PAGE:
I am also a member of the LGBT community. I am here for two very important reasons tonight and I appreciate you listening to my short statements. The first is to address my father – he just left, I don’t know if you saw that, but it was because of my presence I believe he left.

Dad – I strongly disagree with the way you have been portraying the LGBT community who are my friends. You have gone too far. I will not sit back anylonger and be quiet. I love you because you are my dad, but I have lost respect for you. Your blanket judgements and irrational conclusions are ignorant and hurtful, and you need to realize that this crusade you are on is wrong, and it affects me personally.

It makes me sad to say this, but Dad? Right now I am ashamed to call you my father. I am asking you to stop your ridiculous agenda of battling the LGBT rights or you will lose me forever.

The second reason I am here tonight is to encourage the council members to pass this very important ordinance. I plan to practice medicine, with an emphasis in geriatric care in the Missoula community. And I hope to live in a community where I won’t be discriminated based upon my orientation.

I also encourage you to pass this ordinance because these wonderful people of the LGBT community deserve protection against discrimination in all areas. They are hard-working, trustworthy, loving and respectable people and I am proud to call them my family.

Thank you for your time.

{Wow. Hug.}

by jhwygirl

We’ll be giving this my best girl scout try…..

Good lord – we’ve not even gotten to the purpose of tonight, and Halverson is out there calling the city the Soviet Union.

Mayor Engen is saying that no one is going to applaud tonight – because what it does is ramps up emotions. He points out that there is going to be people on both sides of the aisle of this issue that have never spoken before in public, and he wants to make sure that everyone is able to be heard.

Amen to that, Mr. Mayor!

Mayor now reads the Diversity Day proclamation.

Hearing is now beginning. Presentations from sponsors of the ordinance will speak, along with certain opponents to start.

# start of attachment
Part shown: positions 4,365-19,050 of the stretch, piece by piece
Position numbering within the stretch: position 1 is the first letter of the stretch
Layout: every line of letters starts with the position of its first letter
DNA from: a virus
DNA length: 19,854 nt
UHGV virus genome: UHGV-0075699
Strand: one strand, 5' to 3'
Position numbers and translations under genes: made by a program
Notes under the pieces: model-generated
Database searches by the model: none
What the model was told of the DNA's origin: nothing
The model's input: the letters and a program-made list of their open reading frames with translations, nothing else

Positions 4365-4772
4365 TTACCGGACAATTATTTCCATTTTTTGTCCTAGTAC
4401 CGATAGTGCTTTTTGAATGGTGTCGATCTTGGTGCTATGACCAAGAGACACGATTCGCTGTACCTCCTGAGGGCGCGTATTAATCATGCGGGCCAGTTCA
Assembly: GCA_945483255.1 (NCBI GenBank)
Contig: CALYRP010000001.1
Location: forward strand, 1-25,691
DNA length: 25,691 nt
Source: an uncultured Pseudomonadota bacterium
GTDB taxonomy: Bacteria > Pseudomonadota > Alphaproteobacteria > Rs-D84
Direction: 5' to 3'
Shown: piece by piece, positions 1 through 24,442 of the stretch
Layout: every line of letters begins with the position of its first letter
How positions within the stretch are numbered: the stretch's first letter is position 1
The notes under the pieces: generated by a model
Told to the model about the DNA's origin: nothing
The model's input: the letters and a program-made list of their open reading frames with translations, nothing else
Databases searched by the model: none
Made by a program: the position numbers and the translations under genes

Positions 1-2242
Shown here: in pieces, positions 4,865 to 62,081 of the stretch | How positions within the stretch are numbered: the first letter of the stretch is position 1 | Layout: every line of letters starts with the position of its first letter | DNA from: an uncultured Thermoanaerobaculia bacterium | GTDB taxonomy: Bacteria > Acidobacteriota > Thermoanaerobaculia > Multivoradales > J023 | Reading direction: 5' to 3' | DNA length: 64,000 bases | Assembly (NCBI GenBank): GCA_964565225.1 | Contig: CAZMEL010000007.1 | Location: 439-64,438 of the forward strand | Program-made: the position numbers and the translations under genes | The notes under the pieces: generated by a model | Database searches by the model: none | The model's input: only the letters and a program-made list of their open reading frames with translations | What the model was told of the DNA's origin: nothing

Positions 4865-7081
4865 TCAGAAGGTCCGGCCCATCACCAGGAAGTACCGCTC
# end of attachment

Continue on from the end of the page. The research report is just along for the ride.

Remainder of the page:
Councilperson Stacy Rye begins, and says that this is the most packed that she has ever seen it. Dave Strohmaier and her have sponsored this bill – it will extend protection to sexual orientation and gender identity and gender expression. Missoula will hopefully join 129 other cities and Washington DC. She goes on to dispell some myths. There is nothing in this ordinance about bathrooms – there are no laws governing who uses what bathroom – and she notes that despite this, there has not been chaos in Missoula bathrooms over the years.

She points out that in any of the 129 other cities, there has not been an outbreak of crime.

Housing would be protected for sexual orientation just as it is protected for race sex and religion. Businesses like Missoula like Walmart and Costco are but two that already have protections such as the ones proposed already in place. Who you are or who you love should have no effect on your employment and should not cause you to loose housing or services.

Dave Strohmaier begins – and notes what a historic steps this is for Missoula. He reviews the framework – there are two main sections – a new chapter being added which sets the legal framework for discrimination and non-discrimination. It contains an intent section, and other sections with deal with multiple aspects.

The City of Missoula will not be prosecuting the first through third offenses – people would have to obtain their own counsel. Only the 4th offense will be prosecuted as a misdemeanor. That is the first main chunk. The second part amends existing code that already contains language related to discrimination – and amends the protected classes.

He speaks to the origin – he says that there is a very real history of discrimination existing in Missoula. He says that last fall both he and Stacy Rye began looking at the issue individually, and found that many places were looking at doing the same and they joined forces with the MT Human Rights Network.

Why not do a referendum? Refer it to the voters? I think that we were elected as representatives – that we have a representative government and that we were elected to make hard choices. It is our responsibility to deal with it.

A few misconceptions: This ordinance will infringe upon rights to exercise religion – Dave says that the Montana Constitution does not allow this, as does the U.S. Constitution. We have – to make it clear – have amended language in the intent section to make it clear that this ordinance does to ensure on the free exercise of religion.

Churches are free to hire – and he cites ministers and day care workers – anyone they wish.

No local government has the authority to alter Montana’s Constitution.

Nicky Zupanic, public policy director for the ACLU. Has had a chance to speak with many of the council to address many of the concerns as the ordinance was drafted and redrafted. Is happy to respond to any other questions that come up, especially as they related to new amendments to clarify protections under the 1st Amendment.

She says that the ACLU has worked hard to ensure that people are not discriminated against. There are reasons that we protect against discrimination because certain traits are inherent – they can not be changed. There is a history of discrimination that certain people have been subject to. At the end of the day, the question is whether the LGBT community belongs in that class.